Close and Critical Reading
Page Location: Literacy Tools --> Reading Comprehension --> Close and Critical Reading
Link to Close and Critical Reading on the CCSS Reading Page
**New! Close, Critical, and Generative Reading (Macomb ISD)
December 11, 2015 Resources
Close, Critical and Generative Reading Ppt
Close and Critical Reading Bookmarks - developed by Michigan's statewide Adolescent Literacy Workgroup
**New! Close, Critical and Generative Reading Flip Book
(Print single-sided, flip every other page, copy back-to-back)
- Reading Comprehension
- Critical Reading
- Generative Reading
**New! Close, Critical, and Generative Reading Rubrics
for Grades 3 - 8 and Grade Bands 9-10 and 11-12
Cover and Introduction
Reading to the Core - Web resource to support Close and Critical Reading using the strategy Guided Highlighted Reading as a scaffold (Need to fix the link to the Weebly site)
Supports Reading to the Core: Learning to Read Closely, Critically, and Generatively to Meet Performance Tasks by E. Weber, C. Schofield, J. Newnum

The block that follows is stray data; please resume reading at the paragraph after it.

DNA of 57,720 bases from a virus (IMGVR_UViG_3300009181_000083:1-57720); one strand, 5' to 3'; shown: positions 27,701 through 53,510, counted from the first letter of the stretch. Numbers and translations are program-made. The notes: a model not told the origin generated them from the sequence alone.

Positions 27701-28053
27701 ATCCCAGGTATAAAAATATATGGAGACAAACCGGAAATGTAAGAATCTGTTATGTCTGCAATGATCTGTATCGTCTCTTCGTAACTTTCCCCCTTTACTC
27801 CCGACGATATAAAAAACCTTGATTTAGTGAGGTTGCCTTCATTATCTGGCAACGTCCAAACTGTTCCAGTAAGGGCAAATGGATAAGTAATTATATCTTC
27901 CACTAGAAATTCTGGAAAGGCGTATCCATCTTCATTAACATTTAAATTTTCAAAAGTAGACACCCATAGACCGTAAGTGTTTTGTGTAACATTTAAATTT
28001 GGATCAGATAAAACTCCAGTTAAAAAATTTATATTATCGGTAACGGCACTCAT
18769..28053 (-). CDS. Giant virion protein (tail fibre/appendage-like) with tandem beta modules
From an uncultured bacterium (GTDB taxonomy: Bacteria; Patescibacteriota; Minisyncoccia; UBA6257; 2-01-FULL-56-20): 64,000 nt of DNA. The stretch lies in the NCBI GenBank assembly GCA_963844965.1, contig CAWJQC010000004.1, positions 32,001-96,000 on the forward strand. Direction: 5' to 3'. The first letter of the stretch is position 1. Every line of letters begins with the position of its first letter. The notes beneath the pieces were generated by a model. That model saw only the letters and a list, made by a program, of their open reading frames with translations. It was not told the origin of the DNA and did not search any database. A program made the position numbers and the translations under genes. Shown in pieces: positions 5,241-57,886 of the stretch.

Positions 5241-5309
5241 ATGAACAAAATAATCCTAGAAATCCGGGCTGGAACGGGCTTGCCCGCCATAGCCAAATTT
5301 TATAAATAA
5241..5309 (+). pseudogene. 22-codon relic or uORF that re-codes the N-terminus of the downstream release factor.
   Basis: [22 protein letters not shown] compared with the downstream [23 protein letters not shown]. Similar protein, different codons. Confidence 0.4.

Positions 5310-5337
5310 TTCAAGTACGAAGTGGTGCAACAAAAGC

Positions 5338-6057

Mining the Potential of Argumentative Texts - Chart
New! Reading to the Core
Michigan Reading Standards: Close, Critical, Conceptual, and Generative Reading
Elaine's 2015 MRA Summer Lit Presentation (using HS example) Ppt
High School Session Handouts -- CCR Resources for Addiction
Elaine Weber's March 2015 MRA Presentation (using Grade 4 example) Ppt
Upper Elementary / MS Session Handouts -- CCR Resources for Adaptation, Change, Survival
Grade 4 Session Handouts Close and Critical Reading Resources for Pizza Slide
“The Pizza Slide” by Shirley Keebler (Article)
CCR Fisher/Frey Text-Dependent Questions Frame – “The Pizza Slide”
CCR TDQ Possible Answers “The Pizza Slide”